The blue base is looking for old liberals, not new Democrats.
TWO WEEKS BEFORE the midterm elections, Tennessee's Democratic Senate nominee, Harold Ford, received a boost most candidates can only dream about. The five-term congressman was featured on the cover of Newsweek for a story-headlined "Not Your Daddy's Democrat"-touting him as the type of candidate his party would need to reclaim control of Congress.
It was a compelling storyline. Ford is the 36-year-old son of Memphis' most influential black political family yet is equally at ease with his state's white rural voters. He is a red-state Democrat who is conservative on values and hawkish on national security, backing President Bush on the Iraq War almost as enthusiastically as his Republican opponent. He is young, ambitious, and most of all, difficult to dismiss as a conventional liberal. The election results, however, were anticlimactic. Ford came up just short in his bid to succeed departing GOP Sen. Bill Frist, becoming only the Democrat to lose a close Senate race in 2006, even as his party won majorities in both houses.
But Ford isn't about to leave the political scene. In January, he became chairman of the Democratic Leadership Council (DLC), an influential organisation that has spent the last two decades trying to move the Democratic Party to the center. Ford was a good pick for both sides. The DLC won a major spokesman who had ties to its sometime critics in the Congressional Black Caucus, would potentially help broaden the centrist group's appeal, and, most importantly, wasn't "independent Democrat" Joe Lieberman. The ex-congressman retained a visible position to help him in a future run for statewide office in Tennessee.
Ford may nevertheless be a symbol of the electoral problems faced by New Democrats. Critics charge that the 2006 election offered a stern rebuke to the DLC's model for how Democrats should campaign. Many of the party's winning candidates were not cautious, business-friendly centrists but outspoken populists who were critical of large corporations, income inequality, and free trade. And rather than triangulating on Iraq, many of them took on the war directly.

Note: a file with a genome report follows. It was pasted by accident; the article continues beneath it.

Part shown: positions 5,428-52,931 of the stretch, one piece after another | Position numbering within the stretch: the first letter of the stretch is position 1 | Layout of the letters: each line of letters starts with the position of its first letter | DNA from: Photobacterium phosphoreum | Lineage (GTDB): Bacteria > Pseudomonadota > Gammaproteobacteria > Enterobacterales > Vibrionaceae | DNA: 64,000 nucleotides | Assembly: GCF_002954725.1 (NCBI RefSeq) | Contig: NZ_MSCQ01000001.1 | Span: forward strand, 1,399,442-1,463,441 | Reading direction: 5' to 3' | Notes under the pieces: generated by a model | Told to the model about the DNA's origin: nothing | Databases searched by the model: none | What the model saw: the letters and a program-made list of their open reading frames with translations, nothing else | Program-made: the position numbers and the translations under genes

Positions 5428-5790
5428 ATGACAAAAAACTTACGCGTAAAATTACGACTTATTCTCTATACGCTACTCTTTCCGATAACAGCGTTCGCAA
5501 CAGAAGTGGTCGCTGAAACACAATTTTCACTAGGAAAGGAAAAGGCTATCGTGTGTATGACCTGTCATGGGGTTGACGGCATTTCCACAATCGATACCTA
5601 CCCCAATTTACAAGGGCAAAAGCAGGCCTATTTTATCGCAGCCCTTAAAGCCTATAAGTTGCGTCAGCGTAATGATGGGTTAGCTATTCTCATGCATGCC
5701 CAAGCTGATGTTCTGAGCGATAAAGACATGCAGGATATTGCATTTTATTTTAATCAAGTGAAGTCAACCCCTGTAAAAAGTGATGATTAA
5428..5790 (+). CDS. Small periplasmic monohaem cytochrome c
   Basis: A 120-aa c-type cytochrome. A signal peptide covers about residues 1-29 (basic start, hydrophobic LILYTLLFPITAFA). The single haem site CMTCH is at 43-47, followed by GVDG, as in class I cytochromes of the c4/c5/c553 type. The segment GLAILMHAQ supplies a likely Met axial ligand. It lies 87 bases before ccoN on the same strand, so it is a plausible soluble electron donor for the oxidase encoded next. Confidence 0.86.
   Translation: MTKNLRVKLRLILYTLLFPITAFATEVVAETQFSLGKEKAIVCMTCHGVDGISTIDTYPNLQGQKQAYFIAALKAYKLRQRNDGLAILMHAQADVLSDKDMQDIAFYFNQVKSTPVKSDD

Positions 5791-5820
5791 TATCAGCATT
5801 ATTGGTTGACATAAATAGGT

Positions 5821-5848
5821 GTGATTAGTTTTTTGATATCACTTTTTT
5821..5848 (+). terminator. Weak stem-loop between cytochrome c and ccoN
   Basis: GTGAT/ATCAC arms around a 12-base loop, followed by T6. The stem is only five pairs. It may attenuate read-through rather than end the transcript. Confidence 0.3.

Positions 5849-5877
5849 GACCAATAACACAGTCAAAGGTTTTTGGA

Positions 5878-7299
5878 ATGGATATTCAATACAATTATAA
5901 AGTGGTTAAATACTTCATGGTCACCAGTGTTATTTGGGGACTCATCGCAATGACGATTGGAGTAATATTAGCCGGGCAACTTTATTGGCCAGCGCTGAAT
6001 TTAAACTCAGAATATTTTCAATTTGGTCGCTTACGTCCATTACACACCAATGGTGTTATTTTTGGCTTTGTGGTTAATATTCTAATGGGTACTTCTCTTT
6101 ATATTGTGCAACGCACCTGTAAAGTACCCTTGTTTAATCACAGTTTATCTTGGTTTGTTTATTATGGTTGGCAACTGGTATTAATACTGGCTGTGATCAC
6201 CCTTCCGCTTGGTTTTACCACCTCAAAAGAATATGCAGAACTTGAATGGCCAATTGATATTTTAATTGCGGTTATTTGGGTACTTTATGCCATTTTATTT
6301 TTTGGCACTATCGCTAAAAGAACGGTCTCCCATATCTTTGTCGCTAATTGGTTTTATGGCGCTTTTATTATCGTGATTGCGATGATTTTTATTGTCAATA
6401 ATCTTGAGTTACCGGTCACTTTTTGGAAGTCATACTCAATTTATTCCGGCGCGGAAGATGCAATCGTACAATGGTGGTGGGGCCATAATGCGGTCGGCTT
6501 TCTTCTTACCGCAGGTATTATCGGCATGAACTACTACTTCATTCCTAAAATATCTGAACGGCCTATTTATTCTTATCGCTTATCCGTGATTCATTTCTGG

While Ford was narrowly losing in Tennessee, Democrat Sherrod Brown beat Republican Sen. Mike DeWine by a double-digit margin in Ohio. Brown was adamantly antiwar, staunchly liberal on social issues, and outspoken about what he described as "the betrayal of the middle class and the working poor" by the country's economic elites. He doesn't just inveigh against NAFTA-style trade agreements on the stump; he actually wrote a book titled The Myths of Free Trade: Why American Trade Policy Has Failed. Instead of Newsweek, Brown appeared on the cover of The Nation. The accompanying story quoted the progressive writer Thomas Frank calling him "the rare Democrat who actually understands what's the matter with Kansas."
It is easy to imagine such a candidate playing well in Massachusetts or Vermont Brown won in Ohio, a crucial swing state that gave George W. Bush his 2004 margin of victory in the Electoral College. Only a few years ago, the conventional wisdom was that Ohio had become too conservative for a Democrat like Brown to win statewide.
Another example of a winning Democratic candidate outside the DLC mold is Virginia's Sen. James Webb. Webb was certainly a "different kind of Democrat"-a former Republican who served Ronald Reagan, a supporter of gun rights, and a gruff former Marine-but not in the way that phrase is usually understood.
Like Brown, he was passionately antiwar and caustic in his criticism of free trade and businesses that outsource jobs overseas. Shortly after Webb defeated Republican Sen. George Allen, he published an op-ed piece decrying the concentration of wealth in America-in the Wall Street Journal, of all places. Webb may have benefited from Allen's numerous self-inflicted wounds, but his path to a Senate seat from still-reddish Virginia was certainly not according to the prescriptions of the DLC's Blueprint magazine. …